Already today, Sepro has reached partnership agreements with 10 IMM suppliers, including almost all of the well-known global brands from Europe, including Germany; Asia, including China and Japan; and North and South America. Sometimes the robots carry Sepro branding, sometimes they are private labeled, and others are cobranded.

This is good for molders who now have more choice when it comes to IMM/robot packages, and good for the manufacturers too, because it gives them easy access to a market that previously may have been closed to them.

It is good for Sepro too, of course, but that is not the only point. A more important point is that, by being open to partnerships like these, we create opportunities not only for ourselves, but also for the machinery manufacturers. Most important, it provides more choices for the molders we all serve.

Open 4.0 Innovation

Among other things, the Sepro partnerships mentioned above have pushed us to expand our thinking and be open to new options. Manufacturing environments continue to change rapidly. Markets are more global and competition is stiffer than ever. As customers discover new opportunities around the world, they also find new competition in these emerging markets. Few companies can operate successfully if they remain isolated from the world around them.

These changes put a strain on every aspect of their business. New technology offers some advantages, but it advances so rapidly that it is difficult for any company, working on its own, to keep up.  So, communication and collaboration are also critical factors. And, accordingly, we see that manufacturers are turning to select suppliers not only to purchase equipment but also for new ideas and innovative solutions to the complex issues they face.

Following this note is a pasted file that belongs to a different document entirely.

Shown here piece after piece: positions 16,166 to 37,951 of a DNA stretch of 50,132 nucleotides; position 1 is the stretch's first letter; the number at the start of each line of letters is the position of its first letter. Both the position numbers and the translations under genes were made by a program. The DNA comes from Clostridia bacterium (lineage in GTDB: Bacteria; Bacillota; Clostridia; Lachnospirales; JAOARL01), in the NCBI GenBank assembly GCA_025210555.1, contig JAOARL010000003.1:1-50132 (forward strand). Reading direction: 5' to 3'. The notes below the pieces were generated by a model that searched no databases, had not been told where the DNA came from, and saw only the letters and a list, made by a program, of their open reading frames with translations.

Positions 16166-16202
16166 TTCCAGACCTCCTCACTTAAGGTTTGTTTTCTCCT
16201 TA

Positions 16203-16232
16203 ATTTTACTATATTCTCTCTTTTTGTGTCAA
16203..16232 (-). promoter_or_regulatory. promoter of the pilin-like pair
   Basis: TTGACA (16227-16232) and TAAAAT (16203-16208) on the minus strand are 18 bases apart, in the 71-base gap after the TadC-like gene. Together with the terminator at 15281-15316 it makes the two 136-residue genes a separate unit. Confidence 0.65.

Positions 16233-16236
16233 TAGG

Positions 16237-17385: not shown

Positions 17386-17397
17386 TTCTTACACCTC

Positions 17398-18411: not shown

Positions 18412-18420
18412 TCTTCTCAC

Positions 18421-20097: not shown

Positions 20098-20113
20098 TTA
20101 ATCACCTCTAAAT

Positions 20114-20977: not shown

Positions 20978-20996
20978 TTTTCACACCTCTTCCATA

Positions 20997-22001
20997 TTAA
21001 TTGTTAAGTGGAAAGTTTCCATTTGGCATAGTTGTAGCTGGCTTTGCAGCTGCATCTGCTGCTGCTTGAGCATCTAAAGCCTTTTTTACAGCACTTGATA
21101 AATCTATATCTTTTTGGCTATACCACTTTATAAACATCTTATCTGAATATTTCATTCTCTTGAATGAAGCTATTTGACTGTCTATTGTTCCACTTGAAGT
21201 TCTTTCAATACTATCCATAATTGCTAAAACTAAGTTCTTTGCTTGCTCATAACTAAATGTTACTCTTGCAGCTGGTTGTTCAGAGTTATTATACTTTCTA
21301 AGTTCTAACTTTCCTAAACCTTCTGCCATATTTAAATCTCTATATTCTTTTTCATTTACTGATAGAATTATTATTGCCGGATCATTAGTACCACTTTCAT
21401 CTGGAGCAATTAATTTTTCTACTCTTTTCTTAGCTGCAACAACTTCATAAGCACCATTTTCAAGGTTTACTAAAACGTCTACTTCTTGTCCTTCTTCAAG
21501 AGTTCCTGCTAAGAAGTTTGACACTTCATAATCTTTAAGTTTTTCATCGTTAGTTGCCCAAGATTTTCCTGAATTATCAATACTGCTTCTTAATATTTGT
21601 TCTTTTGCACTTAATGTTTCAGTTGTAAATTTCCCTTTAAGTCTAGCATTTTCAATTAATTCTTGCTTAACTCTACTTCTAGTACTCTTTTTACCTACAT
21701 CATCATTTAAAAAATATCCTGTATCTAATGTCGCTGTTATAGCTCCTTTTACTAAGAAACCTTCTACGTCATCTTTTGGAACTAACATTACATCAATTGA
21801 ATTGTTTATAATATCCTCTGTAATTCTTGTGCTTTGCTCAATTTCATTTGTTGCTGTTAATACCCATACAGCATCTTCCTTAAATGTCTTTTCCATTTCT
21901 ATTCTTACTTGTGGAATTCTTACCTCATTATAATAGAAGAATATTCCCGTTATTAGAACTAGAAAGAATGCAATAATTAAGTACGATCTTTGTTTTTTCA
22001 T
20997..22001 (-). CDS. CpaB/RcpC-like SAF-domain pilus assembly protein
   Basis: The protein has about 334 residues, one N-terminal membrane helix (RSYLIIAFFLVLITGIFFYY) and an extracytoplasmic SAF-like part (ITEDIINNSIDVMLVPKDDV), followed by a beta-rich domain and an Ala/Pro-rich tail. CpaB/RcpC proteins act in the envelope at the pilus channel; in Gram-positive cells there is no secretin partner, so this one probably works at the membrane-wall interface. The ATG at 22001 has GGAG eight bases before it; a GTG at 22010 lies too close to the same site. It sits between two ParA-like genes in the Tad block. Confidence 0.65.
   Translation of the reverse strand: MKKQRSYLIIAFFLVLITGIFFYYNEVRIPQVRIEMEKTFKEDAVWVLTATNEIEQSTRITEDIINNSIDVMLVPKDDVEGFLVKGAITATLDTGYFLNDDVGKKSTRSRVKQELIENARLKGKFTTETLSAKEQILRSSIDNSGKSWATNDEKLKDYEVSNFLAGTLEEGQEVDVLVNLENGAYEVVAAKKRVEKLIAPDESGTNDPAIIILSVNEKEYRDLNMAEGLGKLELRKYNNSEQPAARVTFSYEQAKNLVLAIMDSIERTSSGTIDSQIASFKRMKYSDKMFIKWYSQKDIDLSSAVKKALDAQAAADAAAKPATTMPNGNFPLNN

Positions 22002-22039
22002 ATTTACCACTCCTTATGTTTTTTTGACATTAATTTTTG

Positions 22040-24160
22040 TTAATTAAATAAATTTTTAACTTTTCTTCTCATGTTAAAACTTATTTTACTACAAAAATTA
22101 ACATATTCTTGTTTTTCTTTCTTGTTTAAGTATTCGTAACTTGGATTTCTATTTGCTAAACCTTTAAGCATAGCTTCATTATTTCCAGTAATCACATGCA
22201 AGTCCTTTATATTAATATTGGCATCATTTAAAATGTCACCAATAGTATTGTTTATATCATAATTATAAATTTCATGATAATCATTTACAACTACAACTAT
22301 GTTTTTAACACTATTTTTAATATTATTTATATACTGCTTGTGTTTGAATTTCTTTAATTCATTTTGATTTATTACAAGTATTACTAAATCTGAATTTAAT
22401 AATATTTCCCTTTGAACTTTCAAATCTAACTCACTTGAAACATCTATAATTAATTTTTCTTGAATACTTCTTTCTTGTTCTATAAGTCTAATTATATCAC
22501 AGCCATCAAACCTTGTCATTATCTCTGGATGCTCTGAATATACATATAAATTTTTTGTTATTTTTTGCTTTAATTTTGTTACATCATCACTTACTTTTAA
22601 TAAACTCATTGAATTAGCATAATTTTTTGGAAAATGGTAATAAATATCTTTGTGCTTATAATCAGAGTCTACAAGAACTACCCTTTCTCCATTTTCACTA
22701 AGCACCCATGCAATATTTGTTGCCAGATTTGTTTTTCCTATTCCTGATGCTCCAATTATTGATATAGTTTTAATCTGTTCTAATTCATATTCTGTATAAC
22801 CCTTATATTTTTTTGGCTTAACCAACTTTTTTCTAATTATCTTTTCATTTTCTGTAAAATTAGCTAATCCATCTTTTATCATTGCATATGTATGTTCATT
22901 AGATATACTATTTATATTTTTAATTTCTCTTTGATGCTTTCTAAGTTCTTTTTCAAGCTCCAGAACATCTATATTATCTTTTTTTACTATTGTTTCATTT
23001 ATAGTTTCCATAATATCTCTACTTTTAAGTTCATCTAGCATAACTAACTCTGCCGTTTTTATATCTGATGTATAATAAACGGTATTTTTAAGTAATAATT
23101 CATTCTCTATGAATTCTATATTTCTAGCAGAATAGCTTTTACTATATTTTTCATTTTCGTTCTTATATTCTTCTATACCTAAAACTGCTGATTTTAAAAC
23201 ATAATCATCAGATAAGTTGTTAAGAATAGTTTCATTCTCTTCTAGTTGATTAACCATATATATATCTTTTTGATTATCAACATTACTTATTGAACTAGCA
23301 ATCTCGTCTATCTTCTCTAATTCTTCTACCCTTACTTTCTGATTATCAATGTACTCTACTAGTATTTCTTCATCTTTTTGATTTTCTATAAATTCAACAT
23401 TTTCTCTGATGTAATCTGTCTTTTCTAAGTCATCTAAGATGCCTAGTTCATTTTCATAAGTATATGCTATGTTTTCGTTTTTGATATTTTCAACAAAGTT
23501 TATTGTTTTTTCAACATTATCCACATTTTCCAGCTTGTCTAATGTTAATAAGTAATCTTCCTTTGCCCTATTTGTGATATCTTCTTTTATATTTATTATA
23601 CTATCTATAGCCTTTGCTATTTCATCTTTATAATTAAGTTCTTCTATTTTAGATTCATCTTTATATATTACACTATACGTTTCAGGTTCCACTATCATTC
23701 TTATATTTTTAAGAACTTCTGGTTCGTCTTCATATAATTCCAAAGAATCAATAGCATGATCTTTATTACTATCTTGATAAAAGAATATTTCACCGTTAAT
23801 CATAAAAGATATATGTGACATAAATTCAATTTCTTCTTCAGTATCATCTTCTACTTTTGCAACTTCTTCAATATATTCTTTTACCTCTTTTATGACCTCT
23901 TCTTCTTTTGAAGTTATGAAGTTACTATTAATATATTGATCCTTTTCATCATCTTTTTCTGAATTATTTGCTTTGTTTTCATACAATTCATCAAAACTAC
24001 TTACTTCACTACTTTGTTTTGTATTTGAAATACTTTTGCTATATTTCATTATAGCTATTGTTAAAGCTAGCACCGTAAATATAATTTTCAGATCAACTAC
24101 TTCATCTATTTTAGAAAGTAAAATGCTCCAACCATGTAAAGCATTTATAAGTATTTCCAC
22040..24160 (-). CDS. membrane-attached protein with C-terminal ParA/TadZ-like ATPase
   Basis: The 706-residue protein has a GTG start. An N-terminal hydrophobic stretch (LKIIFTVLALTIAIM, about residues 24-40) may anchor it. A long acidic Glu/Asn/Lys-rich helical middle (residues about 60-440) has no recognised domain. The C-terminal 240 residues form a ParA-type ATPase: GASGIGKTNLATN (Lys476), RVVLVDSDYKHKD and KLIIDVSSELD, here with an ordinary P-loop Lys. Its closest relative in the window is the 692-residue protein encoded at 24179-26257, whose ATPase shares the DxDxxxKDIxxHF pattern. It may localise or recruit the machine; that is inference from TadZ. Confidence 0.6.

Sepro took this approach when it came to developing specialty robots for our in-mold labeling systems, which we developed with another French company, Machines Pagès, and for our 5-axis and 6-axis robots, which are made in partnership with Stäubli Robotics and Yaskawa Motoman. Sepro’s next-generation robot-control systems, which will be phased in over the next couple of years, are being developed in collaboration with the Robotics Institute at Carnegie Mellon University in Pittsburgh, Pennsylvania, USA. Recognized around the world, the Robotics Institute  is the oldest such institution in the U.S., and they have been helping us open our minds not only to what a robot control needs to be, but also to think about what such a control could be.

In that regard, some of the best ideas for improved robot controls have come from customers: the injection molders who use our robots and who know better than anyone else what they need from them. One new plug-in for Sepro controls, which will automate how robot motions are optimized during the set-up process to reduce cycle time inside the mold, was developed at the request of a global Tier 1 supplier to the automobile industry. They are helping to perfect the system and will be the first customer, but the technology will benefit anyone who wants to operate more efficiently.

We are also working closely with PROXINNOV, an innovation platform for the Pays de la Loire region in western France, where Sepro is located. The group focuses on promoting the use of robotic automation in that region.  And, since collaboration cannot be confined within one industry, Sepro is actively involved in developing innovative and agile management practices with Audencia Business School in Nantes, one of the top business schools in France and in Europe.

Open 4.0

Nobody knows exactly what the injection-molding factory of the future will look like, but we can be certain it will involve robots and other automation that operate with a minimum of human intervention. It will also need to be flexible and adaptable to changing markets and manufacturing demands. All this increases the importance of communication, integration and collaboration… not just between machines or employees of a single company, or suppliers and their customers. Innovation requires openness. Openness with a purpose. Openness to new ideas, new alliances and new possibilities.

At Sepro Group, innovation is about breaking down established boundaries and building new bridges that allow people, machines and companies to perform to their highest potential. That is how we intend to connect our customers to the future of robotics. We believe, “Your Future is Wide Open.”

Sepro is represented in Australia by:
Mitchell Industries
113 Porters Rd
Kenthurst NSW
[email protected]